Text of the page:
US intel officials: Russia created 'conditions' that led to plane downing

Senior intelligence officials said Tuesday Russia created the “conditions" that led to the downing  of a Malaysia Airlines passenger jet over eastern Ukraine but stopped short of directly linking Moscow to the fatal missile strike.

The officials said-that anti Ukraine government forces, which are backed by Russia, likely fired the missile that took down Flight MH-17 last Thursday, killing all 298 aboard.

However, they made no direct link to Russia.

The assessment follows a series of State Department comments and releases over the weekend that made a strong connection among the strike, Russia and the pro-Russian separatists, who are believed to have fired a SA-11 surface-to-air missile.

Officials said the assessment that an SA-11 was used is based in part on footage of the crash-site evidence.

They briefed reporters Tuesday under ground rules that their names not be used in discussing the intelligence.

The officials said the plane was likely shot down by the separatists who are in eastern Ukraine, based on intercepted communications, satellite photos and social media postings, some of which have been authenticated by U.S. experts.

But the officials said they did not know who fired the missile or whether any Russian operatives were present at the launch.

Russia took control of the eastern Ukraine city of Crimea shortly after citizens this winter ousted pro-Russian President Viktor Yanukovych.

Since then, the separatists have battled with central government forces in eastern Ukraine.

A senior intelligence official confirmed Tuesday that the separatists are being training in air defense systems at a Russian training facility in Rostov, near the Ukraine border.

However, the official made clear investigators do not know whether those who fired the missile came from Rostov.

In terms of who fired the missile, "we don't know a name, we don't know a rank and we're not even 100 percent sure of a nationality," one official said, adding at another point, "There is not going to be a Perry Mason moment here."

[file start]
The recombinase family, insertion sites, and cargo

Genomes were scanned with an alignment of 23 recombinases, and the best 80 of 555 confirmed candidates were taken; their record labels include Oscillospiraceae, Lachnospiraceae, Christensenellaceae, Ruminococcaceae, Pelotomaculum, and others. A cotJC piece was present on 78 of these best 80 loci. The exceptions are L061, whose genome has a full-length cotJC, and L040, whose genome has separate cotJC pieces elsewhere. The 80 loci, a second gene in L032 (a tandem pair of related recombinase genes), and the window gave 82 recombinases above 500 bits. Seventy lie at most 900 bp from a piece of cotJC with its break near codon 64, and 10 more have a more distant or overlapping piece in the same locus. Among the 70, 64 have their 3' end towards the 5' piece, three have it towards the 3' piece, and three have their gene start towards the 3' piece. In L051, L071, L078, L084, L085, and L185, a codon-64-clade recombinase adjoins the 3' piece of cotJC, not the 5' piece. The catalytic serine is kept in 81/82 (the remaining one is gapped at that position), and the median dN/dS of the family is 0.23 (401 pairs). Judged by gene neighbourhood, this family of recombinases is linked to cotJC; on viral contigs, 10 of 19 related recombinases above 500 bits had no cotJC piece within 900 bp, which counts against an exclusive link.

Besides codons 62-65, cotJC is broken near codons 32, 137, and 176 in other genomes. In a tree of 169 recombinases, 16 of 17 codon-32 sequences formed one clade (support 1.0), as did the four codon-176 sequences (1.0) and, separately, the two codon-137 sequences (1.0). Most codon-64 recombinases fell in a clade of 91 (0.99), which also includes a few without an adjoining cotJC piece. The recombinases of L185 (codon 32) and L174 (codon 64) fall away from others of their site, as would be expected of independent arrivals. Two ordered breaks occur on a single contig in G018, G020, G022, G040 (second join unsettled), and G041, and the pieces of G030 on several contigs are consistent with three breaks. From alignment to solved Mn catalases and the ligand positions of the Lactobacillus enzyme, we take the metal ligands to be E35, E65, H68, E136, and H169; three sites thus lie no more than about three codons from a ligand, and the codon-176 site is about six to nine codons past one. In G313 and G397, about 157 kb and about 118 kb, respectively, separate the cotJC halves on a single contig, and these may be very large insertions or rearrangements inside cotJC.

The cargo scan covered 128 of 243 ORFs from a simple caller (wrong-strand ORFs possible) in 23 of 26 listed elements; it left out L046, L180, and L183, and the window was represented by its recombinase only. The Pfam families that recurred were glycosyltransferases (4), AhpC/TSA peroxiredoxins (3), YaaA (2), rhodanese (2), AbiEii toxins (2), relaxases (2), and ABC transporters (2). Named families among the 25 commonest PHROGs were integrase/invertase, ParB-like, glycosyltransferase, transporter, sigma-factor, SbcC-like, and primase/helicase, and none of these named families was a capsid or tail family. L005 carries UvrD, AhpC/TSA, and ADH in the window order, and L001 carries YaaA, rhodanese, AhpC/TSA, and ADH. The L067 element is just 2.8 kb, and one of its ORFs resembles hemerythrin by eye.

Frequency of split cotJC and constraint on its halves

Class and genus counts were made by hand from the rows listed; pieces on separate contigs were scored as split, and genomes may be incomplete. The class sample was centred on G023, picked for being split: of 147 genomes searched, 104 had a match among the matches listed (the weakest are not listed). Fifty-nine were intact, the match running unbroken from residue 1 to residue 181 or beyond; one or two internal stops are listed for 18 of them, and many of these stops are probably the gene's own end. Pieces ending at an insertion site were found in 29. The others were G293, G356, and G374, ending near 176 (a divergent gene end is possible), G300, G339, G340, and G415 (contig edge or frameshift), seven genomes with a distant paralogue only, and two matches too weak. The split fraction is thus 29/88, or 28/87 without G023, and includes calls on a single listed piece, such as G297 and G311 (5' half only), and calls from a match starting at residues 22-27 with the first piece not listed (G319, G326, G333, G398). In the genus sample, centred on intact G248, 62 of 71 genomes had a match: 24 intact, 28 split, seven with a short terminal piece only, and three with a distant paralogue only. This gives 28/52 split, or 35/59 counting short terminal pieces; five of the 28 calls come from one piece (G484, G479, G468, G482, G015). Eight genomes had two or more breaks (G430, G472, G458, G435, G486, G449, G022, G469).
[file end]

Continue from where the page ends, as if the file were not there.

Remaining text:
The officials also said Russia has continued to help the rebels after the downing, providing additional tanks and rocket launchers.

Western leaders have asked Russian President Vladimir Putin to cooperate with a full investigation.

Officials also described a stepped-up campaign by Russia in recent weeks to arm and train the rebels, which they say has continued even after the shooting down of the commercial jetliner.

The officials said the most plausible explanation for why the plane was shot down is that the rebels made a mistake. Separatists previously had shot down 12 Ukrainian military airplanes, the officials said.

The officials made clear they were relying only in part on social media postings and videos made public in recent days by the Ukrainian government.

They said they also had technical and overhead data to support their assessment, which they said could change over time based on new information.

One senior intelligence official also said that investigators are confident that the Ukrainian air defense system was not within range of the jetliner, adding that Russian explanations for the downing of the aircraft are not plausible.

On Sunday, the U.S. Embassy in Kiev released a document detailing purported eyewitness and other evidence also indicating the airliner was likely brought down by a SA-11 surface-to-air missile fired by the separatists.

Embassy officials said they based their analysis on several factors including the increasing flow in recent months of heavy weapons from across the Russian border to the separatist fighters.

They also said they had information indicating the separatists are being trained at the facility in southwest Russia.

Embassy officials also said a missile launch was detected from the separatist-controlled region at the same time contact was made with the flight.

Fox News’ Catherine Herridge and The Associated Press contributed to this story.